In the furnace: Yahoo.Carol Bartz may turn this around and this will put her in the Gerstner class and make Yahoo a really great company. If that happens just when the current king on the Internet hill, Google, stumbles (as they have to at some point), then fortunes can be made betting on Yahoo. But Yahoo is also terribly vulnerable today. Put this in the "for brave speculators only".
Outsourcing outliers: TCS, Wipro, Infosys. Labor cost arbitrage (salaries are lower in India than America) was a wonderful wave to ride for a couple of decades, possibly an even easier way to make money than the Internet. The 3 companies that made it to the top did so because have the best management. But the arbitrage is narrowing; costs are going up in India, wages are coming down in America and US competitors can tap any labor cost savings that remain by setting up shop directly in India. If the Indian outsourcers really find the next wave to ride and transform their business that will be a great feat. This is unlikely to happen as there is no immediate crisis that will enable management to change the culture. These businesses are still very profitable and growing. Put this is in the "buy as a value stock when the price is low relative to current cash flows but don't bet on long-term growth".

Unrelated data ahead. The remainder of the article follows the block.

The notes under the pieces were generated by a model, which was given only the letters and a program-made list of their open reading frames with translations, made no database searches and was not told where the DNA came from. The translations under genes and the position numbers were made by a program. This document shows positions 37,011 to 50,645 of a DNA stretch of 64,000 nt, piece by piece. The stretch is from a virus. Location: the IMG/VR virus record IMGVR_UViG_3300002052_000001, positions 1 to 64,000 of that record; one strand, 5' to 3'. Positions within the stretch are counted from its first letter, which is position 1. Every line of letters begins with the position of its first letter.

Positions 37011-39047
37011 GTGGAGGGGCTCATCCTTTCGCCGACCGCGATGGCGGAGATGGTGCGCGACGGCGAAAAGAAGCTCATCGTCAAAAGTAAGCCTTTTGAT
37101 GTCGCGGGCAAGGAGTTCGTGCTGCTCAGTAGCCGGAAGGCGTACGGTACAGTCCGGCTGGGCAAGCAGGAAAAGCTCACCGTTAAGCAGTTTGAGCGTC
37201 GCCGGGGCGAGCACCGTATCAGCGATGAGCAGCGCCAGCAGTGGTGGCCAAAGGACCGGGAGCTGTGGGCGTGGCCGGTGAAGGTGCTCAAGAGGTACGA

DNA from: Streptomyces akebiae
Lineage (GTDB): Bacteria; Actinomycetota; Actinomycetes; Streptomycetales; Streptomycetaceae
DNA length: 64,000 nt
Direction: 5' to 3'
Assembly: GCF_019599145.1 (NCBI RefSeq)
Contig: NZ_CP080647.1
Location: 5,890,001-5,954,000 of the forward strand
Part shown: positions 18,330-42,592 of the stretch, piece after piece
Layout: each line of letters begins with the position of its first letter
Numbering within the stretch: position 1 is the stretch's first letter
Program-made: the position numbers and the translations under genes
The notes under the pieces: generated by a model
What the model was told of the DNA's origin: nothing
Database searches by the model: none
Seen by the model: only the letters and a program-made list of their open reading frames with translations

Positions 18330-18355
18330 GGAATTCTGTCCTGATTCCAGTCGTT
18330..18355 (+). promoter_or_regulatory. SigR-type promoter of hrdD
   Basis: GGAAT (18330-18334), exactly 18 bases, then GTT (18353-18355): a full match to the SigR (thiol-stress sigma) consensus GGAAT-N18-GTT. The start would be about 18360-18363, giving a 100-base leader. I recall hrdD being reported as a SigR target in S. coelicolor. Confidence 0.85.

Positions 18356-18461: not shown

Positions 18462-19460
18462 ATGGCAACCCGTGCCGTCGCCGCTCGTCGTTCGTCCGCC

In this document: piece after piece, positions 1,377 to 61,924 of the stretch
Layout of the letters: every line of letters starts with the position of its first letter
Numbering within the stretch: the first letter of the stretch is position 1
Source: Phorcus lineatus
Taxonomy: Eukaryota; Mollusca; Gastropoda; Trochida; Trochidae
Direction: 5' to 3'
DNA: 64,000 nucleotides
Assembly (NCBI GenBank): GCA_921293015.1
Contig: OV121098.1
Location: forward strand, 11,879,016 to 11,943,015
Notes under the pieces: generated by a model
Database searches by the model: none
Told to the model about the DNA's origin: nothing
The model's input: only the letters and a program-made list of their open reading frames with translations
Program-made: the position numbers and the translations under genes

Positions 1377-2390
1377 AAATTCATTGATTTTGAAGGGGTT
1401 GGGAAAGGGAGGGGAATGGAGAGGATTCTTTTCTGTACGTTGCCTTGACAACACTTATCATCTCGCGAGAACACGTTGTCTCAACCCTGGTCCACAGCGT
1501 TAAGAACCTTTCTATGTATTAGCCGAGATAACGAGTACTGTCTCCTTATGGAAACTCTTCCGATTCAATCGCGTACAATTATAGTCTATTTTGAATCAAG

Case not proven despite valiant effort: Microsoft. All it seems to take is competent engineering (Windows 7 vs Vista) to turn the Windows gusher back on full blast. But a transformational play? They have been at this too long to bet on this happening now. Steve Ballmer sure tries hard and is smarter than 99.999% of people on this planet but.... Put this in "ask for dividends and stock buybacks".